Tuesday, February 19, 2008

Google dice question

A fellow grad student in my lab is determined to figure out the dice question Google asked me in my phone interview. The basic idea is to accurately simulate a seven-sided die using any number of five-sided dice.

His first attempt was to roll seven five-sided dice, take the modulus by seven and then add one to the result. During simulation this comes close to a uniform distribution, but the actual math works out to be non-uniform. I wrote this program for testing:

#include
#include

#define COUNT 1000

int real[7];
int jun[7];

// Couldn't see anything wrong from this:
int test () {
int i;
srand( time(NULL) );
for (i = 0; i < COUNT; i++) {
float max = RAND_MAX;
int sum=0;
int j;
for (j=0; j < 7; j++) {
float r = rand();
int d5 = ((r/max)*5) +1;
sum+=d5;
}
int calculate = (sum % 7) +1;

float r = rand();
int d7 = ((r/max)*7) +1;
//printf("%d %d\n", d7, calculate);
real[d7-1]++;
jun[calculate-1]++;
}
int suma=0;
int sumb=0;
for (i=0;i<7;i++){
printf("%d) real %10d jun %10d\n", (i+1), real[i], jun[i]);
suma+=real[i];
sumb+=jun[i];
}
printf("%d %d\n", suma, sumb);
return 0;
}

// This comes from http://en.wikipedia.org/wiki/Dice
float probability(int s, int i, int k) {
int n;

if (i==1)
if ((k>=1) && (k<=s))
return 1/((float) s);
else
return 0;

float sum = 0;
for (n=1;n<=s;n++) {
sum += probability(s,1,n) * probability(s,i-1,(k-n));
}
return sum;
}

float sums[7];

int main () {
int x;
for (x=7;x<=35;x++){
float prob = probability (5,7,x);
//printf("%d %f\n", x, prob);
sums[x%7]+=prob;
}
for (x=0;x<7;x++)
printf ("%d %f\n",x+1,sums[x]);
}
// since probabilities are not all even, your algorithm does not work


He countered with an argument using six-sided die that was actually a degenerate case. My probability skills are fairly weak, so I had to answer with an enumeration of the possibilities in an example using three-sided dice to emulate a five-sided die.

His final answer was to look at sequences of die-rolls. First prime the pump by rolling the five-sided die twice and taking the modulos seven of the result. Then, for each seven-sided die roll we want after that, roll a five-sided die add it to the previous result, and mululo seven. His argument is that, in the long run, this produces a uniform distribution.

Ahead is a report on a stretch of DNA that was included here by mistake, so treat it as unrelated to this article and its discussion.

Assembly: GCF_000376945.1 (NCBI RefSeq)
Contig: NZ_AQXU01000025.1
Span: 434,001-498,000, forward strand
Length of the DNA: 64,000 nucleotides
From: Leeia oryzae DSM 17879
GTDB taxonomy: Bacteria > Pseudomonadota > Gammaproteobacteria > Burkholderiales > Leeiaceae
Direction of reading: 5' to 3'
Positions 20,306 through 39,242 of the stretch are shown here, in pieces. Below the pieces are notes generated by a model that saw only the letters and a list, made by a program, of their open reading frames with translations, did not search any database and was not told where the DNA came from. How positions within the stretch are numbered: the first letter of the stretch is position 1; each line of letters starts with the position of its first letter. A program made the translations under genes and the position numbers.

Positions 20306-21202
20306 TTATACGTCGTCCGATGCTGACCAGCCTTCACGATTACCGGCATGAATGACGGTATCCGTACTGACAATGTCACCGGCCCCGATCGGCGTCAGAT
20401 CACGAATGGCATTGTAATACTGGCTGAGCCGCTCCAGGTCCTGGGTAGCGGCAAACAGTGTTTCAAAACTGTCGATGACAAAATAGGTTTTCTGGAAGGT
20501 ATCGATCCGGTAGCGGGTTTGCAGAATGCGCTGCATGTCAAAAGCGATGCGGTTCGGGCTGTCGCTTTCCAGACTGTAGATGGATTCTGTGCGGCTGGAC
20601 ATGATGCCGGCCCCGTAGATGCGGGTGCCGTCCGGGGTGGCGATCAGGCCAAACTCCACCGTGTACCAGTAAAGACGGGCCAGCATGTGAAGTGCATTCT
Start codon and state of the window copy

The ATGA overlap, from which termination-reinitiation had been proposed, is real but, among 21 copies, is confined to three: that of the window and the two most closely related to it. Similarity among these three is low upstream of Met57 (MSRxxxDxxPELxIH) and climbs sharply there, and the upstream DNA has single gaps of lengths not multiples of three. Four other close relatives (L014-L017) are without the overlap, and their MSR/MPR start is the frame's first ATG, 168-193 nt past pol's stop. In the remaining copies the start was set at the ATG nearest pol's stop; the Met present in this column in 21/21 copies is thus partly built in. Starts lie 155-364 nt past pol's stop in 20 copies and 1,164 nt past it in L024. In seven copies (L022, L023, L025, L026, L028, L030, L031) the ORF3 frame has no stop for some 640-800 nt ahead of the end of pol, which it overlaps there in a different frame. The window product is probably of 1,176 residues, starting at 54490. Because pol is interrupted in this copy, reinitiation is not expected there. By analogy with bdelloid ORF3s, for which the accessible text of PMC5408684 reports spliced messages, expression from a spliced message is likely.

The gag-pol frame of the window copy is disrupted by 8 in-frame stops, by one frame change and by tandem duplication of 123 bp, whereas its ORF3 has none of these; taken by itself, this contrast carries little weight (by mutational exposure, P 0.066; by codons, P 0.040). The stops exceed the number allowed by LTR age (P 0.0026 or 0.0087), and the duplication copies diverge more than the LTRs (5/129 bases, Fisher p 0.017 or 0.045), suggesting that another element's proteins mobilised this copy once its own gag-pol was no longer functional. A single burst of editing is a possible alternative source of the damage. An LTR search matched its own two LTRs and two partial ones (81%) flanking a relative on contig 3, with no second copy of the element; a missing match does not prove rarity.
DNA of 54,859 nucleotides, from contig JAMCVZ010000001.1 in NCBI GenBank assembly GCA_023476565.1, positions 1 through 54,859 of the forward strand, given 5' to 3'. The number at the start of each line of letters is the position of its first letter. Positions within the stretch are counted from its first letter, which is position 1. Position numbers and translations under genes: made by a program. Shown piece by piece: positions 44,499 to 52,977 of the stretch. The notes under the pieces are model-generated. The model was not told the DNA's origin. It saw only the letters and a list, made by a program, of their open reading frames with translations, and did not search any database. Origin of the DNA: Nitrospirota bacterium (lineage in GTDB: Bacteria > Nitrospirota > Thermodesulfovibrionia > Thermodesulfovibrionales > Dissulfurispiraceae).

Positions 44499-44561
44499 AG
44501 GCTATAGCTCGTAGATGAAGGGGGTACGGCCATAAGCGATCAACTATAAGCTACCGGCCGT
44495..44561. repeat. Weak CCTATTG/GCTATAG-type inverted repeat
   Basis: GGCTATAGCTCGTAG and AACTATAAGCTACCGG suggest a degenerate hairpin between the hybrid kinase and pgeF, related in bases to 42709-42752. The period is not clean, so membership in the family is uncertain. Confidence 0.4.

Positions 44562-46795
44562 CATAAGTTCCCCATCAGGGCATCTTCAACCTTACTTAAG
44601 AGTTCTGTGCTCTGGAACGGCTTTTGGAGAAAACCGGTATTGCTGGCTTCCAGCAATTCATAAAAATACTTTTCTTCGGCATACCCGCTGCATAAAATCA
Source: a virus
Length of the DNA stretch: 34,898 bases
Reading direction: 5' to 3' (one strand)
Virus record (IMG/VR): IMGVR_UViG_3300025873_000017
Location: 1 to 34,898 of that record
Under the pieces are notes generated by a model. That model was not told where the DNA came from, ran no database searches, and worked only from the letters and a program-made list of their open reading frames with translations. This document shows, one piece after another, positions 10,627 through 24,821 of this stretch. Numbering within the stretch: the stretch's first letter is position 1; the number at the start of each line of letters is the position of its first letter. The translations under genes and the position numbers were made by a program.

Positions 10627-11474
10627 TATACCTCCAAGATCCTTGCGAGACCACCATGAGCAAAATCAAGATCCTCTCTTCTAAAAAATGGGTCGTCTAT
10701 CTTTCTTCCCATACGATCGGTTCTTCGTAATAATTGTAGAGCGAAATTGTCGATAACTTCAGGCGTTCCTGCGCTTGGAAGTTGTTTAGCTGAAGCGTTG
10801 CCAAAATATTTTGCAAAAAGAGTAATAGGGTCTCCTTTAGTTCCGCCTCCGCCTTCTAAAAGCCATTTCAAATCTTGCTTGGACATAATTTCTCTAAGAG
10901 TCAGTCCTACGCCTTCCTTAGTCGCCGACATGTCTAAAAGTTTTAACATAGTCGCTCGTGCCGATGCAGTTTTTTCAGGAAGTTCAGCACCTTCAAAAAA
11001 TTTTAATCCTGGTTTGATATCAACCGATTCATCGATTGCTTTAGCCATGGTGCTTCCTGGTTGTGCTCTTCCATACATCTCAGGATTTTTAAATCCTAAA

Simulating this algorithm seems to produce fairly uniform distributions, but so did the last one as well. Unfortunately, the probability math is beyond me. Well, it is beyond the time I have to put into it. I still do not believe this is a correct answer, but I cannot prove it. My best argument is a proof by contradiction.

Assume the algorithm is right.
After a certain number of rolls, the last roll accurately simulates a seven-sided die.
To get the next roll of the seven-sided die, we add a five-sided roll and modulo seven.
That means seven-sided equals seven-sided plus five-sided modulo seven.
Which is a contradiction.


Any other thoughts? How can I prove the algorithm wrong? Or is it right?

4 comments:

Anonymous said...

Here is an idea: Throw seven dice, numbered from one to seven, and pick the one with maximum number face-up. If there is a tie, throw tied ones again to break the tie. Since all dice are identical, the winner die is distributed uniformly from 1 to 7.

Nathan said...

That makes sense to me, although it is not how I did it in my interview. In the interview I took three five sided dice and turned them into bits. The binary interpretation is a uniformly random number from 1 to 7.

Anonymous said...

Nathan your answer in the interview was wrong: 3 random bits would give a uniform distribution from 1 to 8.

Nathan said...

The answer in the interview was right, but your summary of it was wrong. See http://ncooprider.blogspot.com/2008/02/google-phone-interview.html
for my answer. The key to change it from 0-7 to 1-7 is to have 0 be a re-roll.